A 3 a.m. crash that left a car straddling a large rock on Monday led to the arrest of John A. Albarracin-Barahona, 27, of East Hampton on a charge of driving while intoxicated.
An officer responding to a report of a car crash at the end of Boatheader’s Lane in East Hampton came upon a 1997 Ford sedan with Illinois plates that had run off the road into a large rock. The car ended up stuck on top of the rock with its engine running, police said, and Mr. Albarracin-Barahona lying in the back seat, his feet sticking out a rear door. The driver’s door was open, as well, and another man was in the front passenger seat.
Mr. Albarracin-Barahona allegedly failed roadside sobriety tests and was arrested and taken to headquarters. There he took one breath test, which failed to produce a reading, and then refused additional tests, the police report said. Bail was set at $750 later that day.
In other news of the roads, Artin B. Devletian, who is 41 and lives in New York City, was arrested at about 4 a.m. on Aug. 1 after he was seen having trouble staying in the proper lane on Montauk Highway near Jericho Road in East Hampton, according to police, before coming to a complete stop in the middle of the highway. Subsequently charged with driving while intoxicated, he refused to take a breath test at the station house, police said. Bail was set at $150 later that day.
East Hampton Village police arrested a New Orleans woman, Sheena A. Mannina, 24, at about 3 a.m. on Aug. 1. She allegedly ran a red light on Main Street and was driving an estimated 63 miles per hour in a 30-mile-per-hour zone. At village police headquarters, she reportedly said she had had two glasses of wine. East Hampton Town Justice Lisa R. Rana set bail at $300 that same day.
On the evening of July 29, Todd L. Cunningham, a 53-year-old East Hampton resident, was pulled over at Landing Lane and Old Stone Highway in Springs. The officer did not conduct field sobriety tests, as she was worried about Mr. Cunningham’s ability to stand, the report said. Charged with D.W.I., he was released to a third party because of concern for his health. He is due in town court today.
The Solo Headlight
Henry A. Obadiah, 46, whose license bears a Bellmore address but who told the court Friday morning that he shares an apartment on West 57th Street in Manhattan with his girlfriend, was arrested a little before midnight last Thursday and charged with D.W.I. Mr. Obadiah was driving west on Montauk Highway in Montauk with one headlight out, police said, moving at an unusually slow speed of 10 miles per hour, when he made a right turn onto the circle at the Plaza, tires hitting the sidewalk as he turned.
At the station house a breath test gave a blood alcohol reading of .12, according to the police report.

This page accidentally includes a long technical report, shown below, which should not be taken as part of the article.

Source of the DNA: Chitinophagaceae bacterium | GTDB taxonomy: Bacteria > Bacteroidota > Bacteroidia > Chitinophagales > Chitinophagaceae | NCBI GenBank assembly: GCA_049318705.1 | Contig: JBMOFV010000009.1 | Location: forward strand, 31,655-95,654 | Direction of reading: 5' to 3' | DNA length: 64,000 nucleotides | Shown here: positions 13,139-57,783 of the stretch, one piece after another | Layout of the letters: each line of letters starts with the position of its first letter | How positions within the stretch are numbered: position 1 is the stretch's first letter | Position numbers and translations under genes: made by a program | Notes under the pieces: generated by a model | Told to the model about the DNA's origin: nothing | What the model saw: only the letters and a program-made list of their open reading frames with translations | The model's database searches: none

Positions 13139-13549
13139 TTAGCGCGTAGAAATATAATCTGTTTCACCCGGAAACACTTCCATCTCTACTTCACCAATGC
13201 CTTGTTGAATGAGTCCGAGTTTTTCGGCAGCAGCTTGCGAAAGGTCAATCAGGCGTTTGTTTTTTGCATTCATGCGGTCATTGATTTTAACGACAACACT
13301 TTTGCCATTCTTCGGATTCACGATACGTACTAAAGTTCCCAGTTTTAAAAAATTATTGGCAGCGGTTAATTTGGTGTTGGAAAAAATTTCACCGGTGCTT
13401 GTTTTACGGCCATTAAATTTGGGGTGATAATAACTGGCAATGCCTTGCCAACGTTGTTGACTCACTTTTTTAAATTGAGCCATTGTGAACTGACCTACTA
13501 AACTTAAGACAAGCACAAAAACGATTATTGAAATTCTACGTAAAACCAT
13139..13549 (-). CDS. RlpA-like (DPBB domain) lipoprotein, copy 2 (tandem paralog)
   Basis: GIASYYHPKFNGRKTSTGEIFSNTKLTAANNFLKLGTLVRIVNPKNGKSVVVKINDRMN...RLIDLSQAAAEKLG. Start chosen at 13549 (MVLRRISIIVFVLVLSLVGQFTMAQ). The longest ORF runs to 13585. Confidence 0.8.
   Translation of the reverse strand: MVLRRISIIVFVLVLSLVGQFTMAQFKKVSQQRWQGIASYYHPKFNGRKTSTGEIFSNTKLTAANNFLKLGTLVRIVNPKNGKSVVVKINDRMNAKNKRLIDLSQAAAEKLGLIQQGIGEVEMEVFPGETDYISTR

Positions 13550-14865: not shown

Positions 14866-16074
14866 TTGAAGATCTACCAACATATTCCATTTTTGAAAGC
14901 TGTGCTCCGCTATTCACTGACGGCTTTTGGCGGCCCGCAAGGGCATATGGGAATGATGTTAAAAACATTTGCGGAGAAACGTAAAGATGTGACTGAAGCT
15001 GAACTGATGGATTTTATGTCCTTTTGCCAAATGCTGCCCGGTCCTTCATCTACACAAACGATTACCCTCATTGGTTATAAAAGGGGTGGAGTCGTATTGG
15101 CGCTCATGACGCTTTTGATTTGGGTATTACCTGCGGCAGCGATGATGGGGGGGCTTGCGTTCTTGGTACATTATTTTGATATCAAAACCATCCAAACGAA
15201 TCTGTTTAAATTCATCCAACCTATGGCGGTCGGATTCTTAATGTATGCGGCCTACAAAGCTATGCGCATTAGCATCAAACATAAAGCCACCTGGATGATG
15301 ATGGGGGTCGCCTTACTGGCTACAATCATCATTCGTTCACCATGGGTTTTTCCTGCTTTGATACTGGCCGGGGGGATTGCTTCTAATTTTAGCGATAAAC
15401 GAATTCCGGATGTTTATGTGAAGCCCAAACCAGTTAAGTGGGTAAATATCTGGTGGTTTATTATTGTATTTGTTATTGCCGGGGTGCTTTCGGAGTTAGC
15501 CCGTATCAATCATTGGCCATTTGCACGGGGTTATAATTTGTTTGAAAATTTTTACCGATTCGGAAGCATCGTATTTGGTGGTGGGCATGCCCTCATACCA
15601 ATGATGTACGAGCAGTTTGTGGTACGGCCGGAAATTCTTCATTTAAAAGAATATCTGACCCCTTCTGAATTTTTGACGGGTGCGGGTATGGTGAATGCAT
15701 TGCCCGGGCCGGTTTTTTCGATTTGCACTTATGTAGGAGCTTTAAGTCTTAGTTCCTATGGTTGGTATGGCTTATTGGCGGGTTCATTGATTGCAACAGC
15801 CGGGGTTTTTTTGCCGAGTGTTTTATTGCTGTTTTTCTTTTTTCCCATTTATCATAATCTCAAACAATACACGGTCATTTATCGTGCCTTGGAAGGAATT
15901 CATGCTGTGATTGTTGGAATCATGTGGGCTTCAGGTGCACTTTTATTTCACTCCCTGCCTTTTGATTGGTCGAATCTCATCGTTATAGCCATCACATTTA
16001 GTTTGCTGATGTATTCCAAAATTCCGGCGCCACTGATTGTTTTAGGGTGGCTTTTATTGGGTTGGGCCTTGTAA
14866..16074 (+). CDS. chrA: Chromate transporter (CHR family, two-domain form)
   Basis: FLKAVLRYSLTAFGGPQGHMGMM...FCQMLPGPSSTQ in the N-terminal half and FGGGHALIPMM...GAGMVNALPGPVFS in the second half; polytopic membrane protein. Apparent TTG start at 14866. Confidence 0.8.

Mr. Obadiah’s girlfriend later came into the courtroom as he was being arraigned, the bail set at $350. She was given directions to town police headquarters in Wainscott, where she went to post bail. On her way to her car she said she had reminded her boyfriend several times to get the headlight fixed.
An officer responding to a three-car collision on Route 114 in East Hampton at 6 p.m. on July 28 ended up arresting one of the drivers, Derek Trulson, 46, of New York City. According to the report, Mr. Trulson was driving a 2013 Porsche south on Route 114 and approaching the traffic light at Stephen Hand’s Path when he looked down for a moment, not realizing the light had turned red, and slammed into a 2008 Acura driven by Michael Portera of Greenwich, Conn., who in turn rear-ended a 2006 BMW driven by Harvey Maltz of Naples, Fla., which was stopped at the red light.
Mr. Trulson was agitated, police said, and failed two of three roadside sobriety tests, leading to his arrest. At headquarters, his breath allegedly tested at .07, which is considered driving under the influence, as opposed to driving while intoxicated. He was released with a future date in court.
Man in Black
James B. Hepburn, 36, who gave his address as the Westminster area of London, was arrested on a D.W.I. charge on Friday at about 2 a.m. Police had received a call about a gray Range Rover being driven erratically on Montauk Highway in Wainscott, and soon after that an officer watching traffic saw the vehicle go by, headed east, reportedly doing 55 in a 40-mile-per-hour zone.
Mr. Hepburn later refused to take a breath test at the station house, police said. Such a refusal normally results in an automatic suspension of all driving privileges, but in Mr. Hepburn’s case his license had already been suspended in November after he pleaded guilty to driving with a blood alcohol level of .08 or higher.
Standing in front of Justice Catherine A. Cahill in East Hampton Town Justice Court later that day, wearing a black polo shirt, black slacks, and shiny black boots and represented by Ronald Meltzer, a Manhattan attorney, Mr. Hepburn told the court through Mr. Meltzer that he lived in England but had two daughters living in Wainscott whom he visited for two weeks every two months.
Justice Cahill said that besides the 2011 conviction, he’d recently been charged with driving under the influence of alcohol in Los Angeles and that the new charge in Wainscott was a felony because he’d been convicted of D.W.I. within the past 10 years.
His lawyer argued that, because of his daughters’ presence in the area, Mr. Hepburn had a strong connection to the community and was not a flight risk. After weighing the circumstances and the charges, Justice Cahill set bail at $5,000.